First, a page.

The sadness of the end of summer is tempered by the return of layers. The only problem I have with dresses is that they're a lot of just one thing. The summer iteration of this look is dreamy but a few more layers thrown into the mix feels much more me. I wear the blue shirt so much I imagine my skin will soon start to envelop it and provide it with its own blood supply and pink and red are a match made in heaven, so those two items were an obvious choice. Another obvious choice was the rocket ship bag I got as a gift a few Christmases ago. I mean it LIGHTS UP FOR GOD'S SAKE. I'm being pretty optimistic with the bare legs here (no matter what any fashion editors tell you, a midi skirt and ankle boots are not the answer when temperatures start to drop into single figures. They have cars to drive them around. They don't experience weather like you and I). If I were to indulge in a spot of hosiery, it would probably be fishnets which is very street style 2016 and I apologise. 


And finally, back to winter. No matter how many times Ned Stark warns us of its arrival, it's still very much the unwelcome visitor of seasons. I decided to approach this one from the perspective of a 1980s art student. In fact, I feel this is what Tia from Uncle Buck might have looked like had she had a slightly rosier disposition. The boots originally belonged to my Nana and at once feel very 30 years ago and very now thanks to the prevalence of midi lengths over knee high boots on the AW17 runways. The stripy turtle neck was part of a mime costume my boyfriend wore for Halloween years ago and the jacket and jumper are both vintage so this really is an outfit of hand-me-downs. And of course, I could be wearing long johns under this and no one would be any the wiser so maximum points are duly awarded.

And there we have it. One dress, four seasons. I've run the gamut of the British climate and come out on top. The dress will stand the test of lazy summer afternoons and a trip to the local shops and so can hang guilt-free in my wardrobe.

Friday, 3 February 2017

Dress Code

I don't know if you've noticed but it's winter. Still. But, although we're only just past the middle of the season, Mother Nature isn't even really trying any more (I don't blame her given the current state of affairs). The weather in England at present is like a soup of grey, drizzle and wind that's been left out on the side for so long it's not really any discernible sort of temperature.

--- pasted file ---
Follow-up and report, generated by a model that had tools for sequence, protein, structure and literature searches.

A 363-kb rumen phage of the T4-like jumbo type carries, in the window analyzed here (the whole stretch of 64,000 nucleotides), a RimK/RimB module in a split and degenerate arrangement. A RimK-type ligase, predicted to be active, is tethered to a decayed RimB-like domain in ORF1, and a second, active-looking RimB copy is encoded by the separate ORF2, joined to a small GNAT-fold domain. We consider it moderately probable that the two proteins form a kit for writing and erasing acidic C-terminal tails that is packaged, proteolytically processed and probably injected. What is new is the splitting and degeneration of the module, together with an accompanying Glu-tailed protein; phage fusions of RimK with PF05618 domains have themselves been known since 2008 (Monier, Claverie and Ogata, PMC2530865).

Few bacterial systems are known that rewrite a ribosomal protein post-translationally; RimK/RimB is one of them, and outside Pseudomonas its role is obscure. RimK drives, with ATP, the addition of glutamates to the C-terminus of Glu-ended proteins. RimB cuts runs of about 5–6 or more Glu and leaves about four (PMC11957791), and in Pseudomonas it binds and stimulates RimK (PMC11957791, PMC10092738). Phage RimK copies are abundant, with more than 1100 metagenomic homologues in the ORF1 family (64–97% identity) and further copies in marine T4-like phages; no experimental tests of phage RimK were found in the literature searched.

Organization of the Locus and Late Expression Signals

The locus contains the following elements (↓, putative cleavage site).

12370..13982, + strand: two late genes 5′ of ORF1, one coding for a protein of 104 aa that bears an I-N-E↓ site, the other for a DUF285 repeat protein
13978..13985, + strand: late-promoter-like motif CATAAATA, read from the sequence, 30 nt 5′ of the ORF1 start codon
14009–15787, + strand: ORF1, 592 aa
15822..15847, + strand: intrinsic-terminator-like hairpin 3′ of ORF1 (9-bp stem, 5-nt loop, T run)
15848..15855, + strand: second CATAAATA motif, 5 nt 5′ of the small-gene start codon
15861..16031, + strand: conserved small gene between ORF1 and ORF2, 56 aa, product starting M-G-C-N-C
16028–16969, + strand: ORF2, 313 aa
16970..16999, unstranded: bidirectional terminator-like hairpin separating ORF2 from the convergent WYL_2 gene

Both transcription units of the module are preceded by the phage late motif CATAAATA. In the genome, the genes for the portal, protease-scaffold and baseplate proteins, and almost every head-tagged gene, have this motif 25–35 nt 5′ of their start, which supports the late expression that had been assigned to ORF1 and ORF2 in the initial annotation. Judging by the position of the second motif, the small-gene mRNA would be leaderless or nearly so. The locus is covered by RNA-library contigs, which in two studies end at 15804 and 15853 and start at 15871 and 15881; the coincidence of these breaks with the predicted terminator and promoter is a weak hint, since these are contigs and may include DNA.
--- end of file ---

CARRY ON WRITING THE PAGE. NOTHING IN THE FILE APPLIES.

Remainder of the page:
So if winter isn't even going to put in much of an appearance I'm going to make friends with spring/summer instead. I'm not quite prepared to step outside in sandals but I will wear a breezy summer dress with scant regard for seasonal wardrobe conventions. I picked up this striped beauty at a vintage shop last October after I'd just got back from Berlin and 'wasn't going to buy anything for a while'. I would attempt to feel guilty for falling so quickly back into the arms of consumerism but, 1. it's vintage and, 2. it has heavy Céline overtones (specifically Resort '16).

I hadn't worn it yet and I was determined that it wasn't going to be relegated to single season status so I followed the standard formula of any summer-does-winter garment reboot: anything + a turtle neck + tights + boots = winter. It all added up and my cotton summer dress became an all-rounder. 

As usual, Vashka decided she might like to feature in my mini shoot and outshone me instantly. (Please note the homemade tipi to the right of frame that she has never once used.) 

But back to the dress. A mere turtle neck is fine if all you're planning on doing is lounging around at home admiring your cat but if you plan to actually go outside? You need to get a little bit more strategic to take the 'summer' out of summer dress.

A kimono jacket, belted at the waist, serves as the logical next step in this outfit. It has the sharp appeal of a waistcoat peeking out from under a jacket at the top and the whimsical appeal of a Victorian over coat at the bottom; it's the mullet of garments in the most positive way possible.

Next up, a jacket. Short, of course, to reveal those carefully arranged layers. And from there you're on the home straight. Wrap a scarf around your neck with the gusto of Lenny Kravitz, pop your boyfriend or significant other's hat on and grab a bag that features all of the colours of your outfit plus a few more for good measure.

And with that, you are released from the tyranny of single season garments. Go forth, retrieve your floatiest dresses from the darkest depths of your wardrobe. Free them from the shackles of summer, dust them down and take them for an off-season spin.